Also explain that for those working hard and following your rules those parents will also be informed of their hard work.

    When they start to disrupt, calmly give them a couple of warning. Don't use the board to note the disruption, but hold a small notebook in your hand and write down the names and what they are doing. They will see that you are keeping track. Immediately give praise to the ones doing what you have asked them to do.

    Speak to your line manager to see if you could set up a system of giving two warnings then have the ones disrupting removed. Once they see that you are not going to budge then perhaps they will get the message. Also find out the policy of phoning parents.

    Do not worry as it is nothing you are doing wrong and these characters would behave the same for anyone taking that class.

    I also recommend that you have a look at the Pivotal Education web site as they have a lot of good advice on there.
    johannalawler likes this.
  3. hana54

    hana54 New commenter

    Thanks very much for your advice! I’ve incorporated these ideas into my ‘plan of action’ for Monday. I’ve had a look at the pivotal education website too and contacted them :)
    pepper5 likes this.
  4. pepper5

    pepper5 Star commenter


    You are most welcome.

    Please let us know if you see any improvement and what worked and what didn't.

    I am sure Pivotal will be able to help.

    All the best for tomorrow.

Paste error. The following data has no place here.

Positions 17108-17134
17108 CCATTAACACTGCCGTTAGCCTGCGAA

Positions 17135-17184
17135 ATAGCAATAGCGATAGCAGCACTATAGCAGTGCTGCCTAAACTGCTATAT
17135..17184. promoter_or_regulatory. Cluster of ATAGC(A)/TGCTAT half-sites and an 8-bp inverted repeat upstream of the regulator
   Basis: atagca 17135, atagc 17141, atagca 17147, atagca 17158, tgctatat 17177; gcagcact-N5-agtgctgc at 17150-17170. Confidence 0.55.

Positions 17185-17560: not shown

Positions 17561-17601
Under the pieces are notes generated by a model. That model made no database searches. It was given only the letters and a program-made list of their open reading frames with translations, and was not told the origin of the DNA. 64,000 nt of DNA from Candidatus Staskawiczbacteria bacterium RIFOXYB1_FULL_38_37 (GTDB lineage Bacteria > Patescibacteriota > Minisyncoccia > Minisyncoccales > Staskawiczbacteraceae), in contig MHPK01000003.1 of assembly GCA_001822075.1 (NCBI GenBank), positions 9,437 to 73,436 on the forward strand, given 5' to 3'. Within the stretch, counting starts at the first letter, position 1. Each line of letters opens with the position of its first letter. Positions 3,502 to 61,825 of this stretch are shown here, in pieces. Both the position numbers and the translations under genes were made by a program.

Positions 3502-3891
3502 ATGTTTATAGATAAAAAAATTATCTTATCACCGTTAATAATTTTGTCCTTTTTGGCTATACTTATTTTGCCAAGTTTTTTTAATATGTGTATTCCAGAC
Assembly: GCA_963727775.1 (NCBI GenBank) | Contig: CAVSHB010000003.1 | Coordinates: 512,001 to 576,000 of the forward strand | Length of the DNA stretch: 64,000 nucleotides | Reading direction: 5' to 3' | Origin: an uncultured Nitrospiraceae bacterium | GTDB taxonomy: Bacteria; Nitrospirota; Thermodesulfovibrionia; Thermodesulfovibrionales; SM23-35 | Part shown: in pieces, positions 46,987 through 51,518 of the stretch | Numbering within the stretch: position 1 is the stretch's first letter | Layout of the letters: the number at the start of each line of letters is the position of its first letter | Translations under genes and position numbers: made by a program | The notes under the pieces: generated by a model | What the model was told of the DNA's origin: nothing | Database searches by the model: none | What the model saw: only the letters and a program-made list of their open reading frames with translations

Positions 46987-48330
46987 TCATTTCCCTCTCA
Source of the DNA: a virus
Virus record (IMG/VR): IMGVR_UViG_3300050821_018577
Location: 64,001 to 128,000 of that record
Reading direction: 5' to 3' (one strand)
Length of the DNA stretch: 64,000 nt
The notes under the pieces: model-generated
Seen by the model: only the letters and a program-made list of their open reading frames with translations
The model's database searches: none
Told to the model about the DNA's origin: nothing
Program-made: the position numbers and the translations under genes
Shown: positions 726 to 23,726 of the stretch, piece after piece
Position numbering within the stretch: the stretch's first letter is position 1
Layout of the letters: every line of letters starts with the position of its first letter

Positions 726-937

5. maggieDD

    maggieDD New commenter

    How did the plan of action go? I too teach a year 5 class (which sounds almost identical to yours!) It is utterly exhausting and the majority of time is spent dealing with backchat, refusal to work and general LOUDNESS.
    pepper5 likes this.
  6. hana54

    hana54 New commenter


    I spoke to pivotal on the phone who were incredibly helpful and took the time to give me a few pointers. I spoke to the class very clearly about expectations and put a huge emphasis on positive praise. It worked like a charm for the first lesson and a few weeks later in back at square one. I never thought I was poor at behaviour management before but with this class I feel like I have utterly no presence and it’s really getting me down! Nearly every single child in my class is a notoriously ‘difficult’ student so my situation is slightly different I think. My maths class are fine but the English class I dread. Good luck with your class! Let me know if you have a breakthrough!!